Abstract

The story of Chase and Sanborn Coffee provides a great morality tale for all organizations, including libraries, about how small changes may lead to larger problems down the road. Chase and Sanborn ranked with Maxwell House as one of the leading coffee brands in the early twentieth century. They were known not only for their fresh sealed coffee, but also for the Chase and Sanborn Hour variety show that featured many stars, including Don Ameche, Nelson Eddy, and Edgar Bergen with his wooden dummy Charlie McCarthy. In the years after World War II, there was a belief at the company that they could make small changes to the process to reduce costs, without changing the quality that much. A similar decision was made earlier this year by Maker’s Mark to reduce their alcohol for their Kentucky Bourbon as a cost-reduction plan to help boost profits.

Using these two examples from the business world, the presentation will explore how small decisions can, over time, fundamentally change the very nature of any organization. For the library, the presentation will show how modest and sometimes seemingly consequence-free decisions about resources and services that a library provides can snowball into a complete change in the overall perception of the library. So changes that seem minor at the time, when considered together, transform and, more importantly, potentially undermine what the library is attempting to provide for their community. In the light of continued encroachment on a libraries space and budget, this type of conundrum might be easier to fall into than we might think or like.

DOI

10.5703/1288284315288

chase.jpg (40 kB)
Chase and Sanborn Coffee

Makers.jpg (69 kB)
Maker's Mark

G2G1.jpg (31 kB)
Good to Great

G2G2.jpg (32 kB)
Great to Good

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Bitter Coffee and Watered-Down Bourbon: Lessons for Libraries from Chase and Sanborn Coffee and Maker’s Mark

The story of Chase and Sanborn Coffee provides a great morality tale for all organizations, including libraries, about how small changes may lead to larger problems down the road. Chase and Sanborn ranked with Maxwell House as one of the leading coffee brands in the early twentieth century. They were known not only for their fresh sealed coffee, but also for the Chase and Sanborn Hour variety show that featured many stars, including Don Ameche, Nelson Eddy, and Edgar Bergen with his wooden dummy Charlie McCarthy. In the years after World War II, there was a belief at the company that they could make small changes to the process to reduce costs, without changing the quality that much. A similar decision was made earlier this year by Maker’s Mark to reduce their alcohol for their Kentucky Bourbon as a cost-reduction plan to help boost profits.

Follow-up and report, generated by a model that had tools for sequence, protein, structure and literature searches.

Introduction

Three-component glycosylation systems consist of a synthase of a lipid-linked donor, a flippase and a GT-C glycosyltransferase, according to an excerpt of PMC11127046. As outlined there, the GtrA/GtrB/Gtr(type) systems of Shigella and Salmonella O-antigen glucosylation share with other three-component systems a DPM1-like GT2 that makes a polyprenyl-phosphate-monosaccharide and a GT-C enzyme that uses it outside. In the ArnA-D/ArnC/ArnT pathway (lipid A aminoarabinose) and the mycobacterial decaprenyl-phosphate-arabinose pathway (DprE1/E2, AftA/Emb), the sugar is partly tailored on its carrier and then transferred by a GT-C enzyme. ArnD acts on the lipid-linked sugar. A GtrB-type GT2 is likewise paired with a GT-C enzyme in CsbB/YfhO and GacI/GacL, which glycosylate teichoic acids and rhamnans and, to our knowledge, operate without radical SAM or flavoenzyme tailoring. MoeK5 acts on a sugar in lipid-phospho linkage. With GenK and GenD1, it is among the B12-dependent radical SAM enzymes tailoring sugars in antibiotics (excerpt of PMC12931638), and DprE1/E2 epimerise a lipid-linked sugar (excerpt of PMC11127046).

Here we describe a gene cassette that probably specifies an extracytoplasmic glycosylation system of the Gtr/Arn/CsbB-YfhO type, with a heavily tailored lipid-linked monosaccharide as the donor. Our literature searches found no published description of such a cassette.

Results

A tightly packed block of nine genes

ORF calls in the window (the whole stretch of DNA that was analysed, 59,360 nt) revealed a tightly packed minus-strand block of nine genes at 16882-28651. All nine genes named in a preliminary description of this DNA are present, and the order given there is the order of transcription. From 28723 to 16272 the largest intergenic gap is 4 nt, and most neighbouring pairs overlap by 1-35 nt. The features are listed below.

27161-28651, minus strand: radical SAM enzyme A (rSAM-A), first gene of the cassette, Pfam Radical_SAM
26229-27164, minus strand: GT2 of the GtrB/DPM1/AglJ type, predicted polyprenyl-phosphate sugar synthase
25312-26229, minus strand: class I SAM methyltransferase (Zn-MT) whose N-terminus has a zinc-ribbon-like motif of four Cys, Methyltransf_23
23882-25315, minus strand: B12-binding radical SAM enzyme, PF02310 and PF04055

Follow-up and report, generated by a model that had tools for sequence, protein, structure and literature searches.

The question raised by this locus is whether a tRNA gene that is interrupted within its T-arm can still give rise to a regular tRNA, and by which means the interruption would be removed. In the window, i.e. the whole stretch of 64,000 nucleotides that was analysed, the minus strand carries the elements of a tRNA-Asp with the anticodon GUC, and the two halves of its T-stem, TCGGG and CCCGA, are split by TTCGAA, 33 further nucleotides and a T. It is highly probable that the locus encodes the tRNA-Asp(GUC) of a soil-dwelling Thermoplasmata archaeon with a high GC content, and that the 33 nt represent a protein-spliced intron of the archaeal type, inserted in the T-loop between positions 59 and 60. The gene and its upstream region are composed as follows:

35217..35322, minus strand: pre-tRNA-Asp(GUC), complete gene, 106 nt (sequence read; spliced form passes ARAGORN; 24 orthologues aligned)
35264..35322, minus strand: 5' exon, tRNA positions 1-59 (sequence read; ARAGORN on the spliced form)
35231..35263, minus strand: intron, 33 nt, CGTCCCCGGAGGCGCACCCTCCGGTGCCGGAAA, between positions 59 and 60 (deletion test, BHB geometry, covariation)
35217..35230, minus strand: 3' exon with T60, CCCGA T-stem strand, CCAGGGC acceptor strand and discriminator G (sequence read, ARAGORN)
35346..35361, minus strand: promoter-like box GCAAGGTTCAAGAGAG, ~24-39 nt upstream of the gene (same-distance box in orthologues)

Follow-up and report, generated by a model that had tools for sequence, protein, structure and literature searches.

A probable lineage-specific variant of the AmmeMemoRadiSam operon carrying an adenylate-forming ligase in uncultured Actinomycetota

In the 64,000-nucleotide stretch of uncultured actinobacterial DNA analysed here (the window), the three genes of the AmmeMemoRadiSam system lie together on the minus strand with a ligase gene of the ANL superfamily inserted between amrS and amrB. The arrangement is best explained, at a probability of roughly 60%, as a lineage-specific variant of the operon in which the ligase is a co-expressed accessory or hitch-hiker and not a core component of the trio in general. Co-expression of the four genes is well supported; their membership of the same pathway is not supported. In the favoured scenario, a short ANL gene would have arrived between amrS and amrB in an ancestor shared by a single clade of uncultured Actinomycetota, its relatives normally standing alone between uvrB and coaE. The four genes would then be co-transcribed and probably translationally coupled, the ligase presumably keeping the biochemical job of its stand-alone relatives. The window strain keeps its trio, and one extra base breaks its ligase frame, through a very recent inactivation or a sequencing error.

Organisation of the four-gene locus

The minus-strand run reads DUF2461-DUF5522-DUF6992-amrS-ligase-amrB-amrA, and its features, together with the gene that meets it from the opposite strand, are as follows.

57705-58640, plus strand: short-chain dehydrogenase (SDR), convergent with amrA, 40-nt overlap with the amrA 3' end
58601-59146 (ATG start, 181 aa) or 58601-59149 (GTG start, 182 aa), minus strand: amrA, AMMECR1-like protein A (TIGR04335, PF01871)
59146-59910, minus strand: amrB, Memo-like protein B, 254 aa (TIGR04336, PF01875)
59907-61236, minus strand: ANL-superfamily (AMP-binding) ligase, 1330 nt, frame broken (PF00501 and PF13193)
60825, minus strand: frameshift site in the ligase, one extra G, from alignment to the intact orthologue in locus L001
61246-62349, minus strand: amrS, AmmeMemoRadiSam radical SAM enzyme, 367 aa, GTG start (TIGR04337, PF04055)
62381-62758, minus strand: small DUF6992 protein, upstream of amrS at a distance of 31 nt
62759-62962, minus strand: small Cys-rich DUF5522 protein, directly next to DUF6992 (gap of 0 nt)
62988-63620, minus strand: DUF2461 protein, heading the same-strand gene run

Using these two examples from the business world, the presentation will explore how small decisions can, over time, fundamentally change the very nature of any organization. For the library, the presentation will show how modest and sometimes seemingly consequence-free decisions about resources and services that a library provides can snowball into a complete change in the overall perception of the library. So changes that seem minor at the time, when considered together, transform and, more importantly, potentially undermine what the library is attempting to provide for their community. In the light of continued encroachment on a libraries space and budget, this type of conundrum might be easier to fall into than we might think or like.